• AutoTilt actuation can enhance the standard pressure management functions already built into chairs by moving them through small degrees of tilt at short intervals to redistribute pressure. This function can be more cost effective than a client having to source a care package for regular repositioning.
  • Integrated pressure relieving technology can provide a reliable and dynamic solution for individuals at risk of pressure injury. It enables the user to achieve a stable and functional posture without compromising on pressure management and comfort.

Read more on CareFlex’s WaterCell Technology, and how our specialist seating can have a positive impact on the management of pressure injuries in Michael’s story.

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  1. Moore ZE, Webster J, Samuriwo R (2015) Wound-care teams for preventing and treating pressure ulcers Cochrane Database Syst Rev 16(9)
  2. NHS Improvement (2018) Stop the Pressure Available from:
  3. National Pressure Ulcer Advisory Panel (NPUAP) (2016) NPUAP Pressure Injury Stages Available from:
  4. National Institute for Health and Care Excellence (NICE) (2014) [CG179] Pressure ulcers: prevention and management Available from:
  5. Langemo DK (2005) Quality of Life and Pressure Ulcers: What is the Impact? Wounds 17(1)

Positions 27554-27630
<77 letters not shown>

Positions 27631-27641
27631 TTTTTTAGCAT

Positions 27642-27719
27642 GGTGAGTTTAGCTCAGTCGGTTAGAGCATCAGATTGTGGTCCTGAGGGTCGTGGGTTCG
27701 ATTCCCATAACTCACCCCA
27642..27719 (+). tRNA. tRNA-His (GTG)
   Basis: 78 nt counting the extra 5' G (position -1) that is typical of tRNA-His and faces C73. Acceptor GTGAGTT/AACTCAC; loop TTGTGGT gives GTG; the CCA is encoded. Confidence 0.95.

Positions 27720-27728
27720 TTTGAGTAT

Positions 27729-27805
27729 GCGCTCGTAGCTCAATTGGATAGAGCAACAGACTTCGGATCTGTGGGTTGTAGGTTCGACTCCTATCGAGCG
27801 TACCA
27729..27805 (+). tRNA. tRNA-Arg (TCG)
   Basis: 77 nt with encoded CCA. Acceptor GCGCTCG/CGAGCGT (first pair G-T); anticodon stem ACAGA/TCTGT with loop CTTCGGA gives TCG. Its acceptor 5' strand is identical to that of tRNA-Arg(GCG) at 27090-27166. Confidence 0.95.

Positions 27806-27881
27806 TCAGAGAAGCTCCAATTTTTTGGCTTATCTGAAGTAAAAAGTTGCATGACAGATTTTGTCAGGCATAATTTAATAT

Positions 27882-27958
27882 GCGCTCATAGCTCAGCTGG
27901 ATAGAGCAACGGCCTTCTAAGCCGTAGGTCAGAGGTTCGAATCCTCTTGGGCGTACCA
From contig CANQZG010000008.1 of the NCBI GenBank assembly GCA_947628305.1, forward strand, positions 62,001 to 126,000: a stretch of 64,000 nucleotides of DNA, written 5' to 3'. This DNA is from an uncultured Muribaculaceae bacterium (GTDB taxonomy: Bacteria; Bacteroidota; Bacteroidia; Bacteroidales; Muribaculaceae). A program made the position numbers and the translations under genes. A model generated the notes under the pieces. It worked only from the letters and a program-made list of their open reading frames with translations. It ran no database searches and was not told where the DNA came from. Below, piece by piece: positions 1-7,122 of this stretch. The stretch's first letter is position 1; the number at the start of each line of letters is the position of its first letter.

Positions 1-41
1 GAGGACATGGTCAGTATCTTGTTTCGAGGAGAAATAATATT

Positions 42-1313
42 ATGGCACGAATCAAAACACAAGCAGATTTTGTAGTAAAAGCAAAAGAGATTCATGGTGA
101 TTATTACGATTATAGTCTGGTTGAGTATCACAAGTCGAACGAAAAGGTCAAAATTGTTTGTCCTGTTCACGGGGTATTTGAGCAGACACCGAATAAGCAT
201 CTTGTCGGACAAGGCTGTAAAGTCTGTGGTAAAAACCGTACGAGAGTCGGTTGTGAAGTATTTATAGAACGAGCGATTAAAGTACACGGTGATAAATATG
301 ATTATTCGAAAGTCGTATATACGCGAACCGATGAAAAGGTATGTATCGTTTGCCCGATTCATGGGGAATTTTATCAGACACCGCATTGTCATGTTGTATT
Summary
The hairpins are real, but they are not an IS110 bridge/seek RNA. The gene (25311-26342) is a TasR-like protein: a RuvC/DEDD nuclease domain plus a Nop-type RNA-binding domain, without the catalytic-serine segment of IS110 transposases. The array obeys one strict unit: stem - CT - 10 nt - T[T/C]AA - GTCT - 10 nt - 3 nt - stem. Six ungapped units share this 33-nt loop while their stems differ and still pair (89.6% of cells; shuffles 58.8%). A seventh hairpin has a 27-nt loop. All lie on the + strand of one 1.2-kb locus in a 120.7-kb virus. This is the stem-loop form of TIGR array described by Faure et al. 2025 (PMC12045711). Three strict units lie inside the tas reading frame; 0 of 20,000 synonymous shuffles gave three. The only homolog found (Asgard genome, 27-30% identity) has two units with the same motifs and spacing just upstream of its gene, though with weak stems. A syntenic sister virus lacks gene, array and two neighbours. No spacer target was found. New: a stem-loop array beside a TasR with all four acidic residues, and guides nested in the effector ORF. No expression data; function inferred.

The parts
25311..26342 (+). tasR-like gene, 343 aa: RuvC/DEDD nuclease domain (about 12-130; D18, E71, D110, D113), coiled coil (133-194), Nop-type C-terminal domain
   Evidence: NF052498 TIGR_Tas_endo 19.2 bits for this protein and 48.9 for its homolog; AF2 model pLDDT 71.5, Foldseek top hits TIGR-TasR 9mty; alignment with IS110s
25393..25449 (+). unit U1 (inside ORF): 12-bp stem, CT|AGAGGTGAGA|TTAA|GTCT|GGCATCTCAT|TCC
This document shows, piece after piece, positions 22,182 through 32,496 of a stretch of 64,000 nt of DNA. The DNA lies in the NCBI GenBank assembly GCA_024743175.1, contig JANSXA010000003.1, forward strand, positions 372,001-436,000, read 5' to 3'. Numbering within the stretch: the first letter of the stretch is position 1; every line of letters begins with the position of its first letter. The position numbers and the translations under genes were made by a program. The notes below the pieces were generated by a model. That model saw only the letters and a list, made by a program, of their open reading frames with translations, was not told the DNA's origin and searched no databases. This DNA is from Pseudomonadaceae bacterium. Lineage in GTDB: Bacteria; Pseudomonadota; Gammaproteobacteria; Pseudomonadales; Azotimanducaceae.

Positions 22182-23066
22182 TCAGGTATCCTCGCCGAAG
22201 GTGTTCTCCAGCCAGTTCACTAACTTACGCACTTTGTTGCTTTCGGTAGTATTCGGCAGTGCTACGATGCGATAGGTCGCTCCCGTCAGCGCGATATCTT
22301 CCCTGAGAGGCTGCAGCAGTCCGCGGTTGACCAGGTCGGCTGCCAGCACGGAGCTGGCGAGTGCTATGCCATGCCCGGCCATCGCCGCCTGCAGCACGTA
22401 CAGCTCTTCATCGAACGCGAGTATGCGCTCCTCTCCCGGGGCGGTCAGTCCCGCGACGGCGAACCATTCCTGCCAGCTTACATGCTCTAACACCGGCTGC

6. Grey JE, Harding KG (2006) Pressure ulcers BMJ 332(7539):472–475
  7. Graves N, Birrell F, Whitby M (2005) Effect of pressure ulcers on length of hospital stay Infect Control Hosp Epidemiol 26(3):293-7
  8. NHS Improvement (2019) NHS Safety Thermometer Available from:
  9. Dealey C, Possnett J, Walker A (2012) Cost of Pressure Ulcers in the United Kingdom Journal of Wound Care 21(6):261-266
  10. Guest JF (2017) The health economic burden that acute and chronic wounds impose on an average clinical commissioning group/ health board in the UK Journal of Wound Care 26(6)
  11. Guest J, Ayoub N, McIlwraith T, Uchegbu I, Gerrish A, Weidlich D, Vowden K, Vowden P (2015) Health economic burden that wounds impose on the National Health Service in the UK BMJ Open 5(12)
  12. European Pressure Ulcer Advisory Panel (2014) Stop Pressure Ulcer Day (V20) Available from:
  13. Sprigle S, Sonenblum S (2011) Assessing evidence supporting redistribution of pressure for pressure ulcer prevention: A review Journal of Rehabilitation Research and Development 48(3):203-14
  14. Waterlow (2007) Pressure Ulcers Available from:
  15. Collins F (2001) Selecting cushions and armchairs: how to make an informed choice Journal of Wound Care / Therapy Weekly Supplement 13(5)
  16. Jan YK, Crane BA, Liao F, Woods JA, Ennis WJ (2013) Comparison of muscle and skin perfusion over the ischial tuberosities in response to wheelchair tilt-in-space and recline angles in people with spinal cord injury Archives of Physical Medicine and Rehabilitation 94(10):1990-6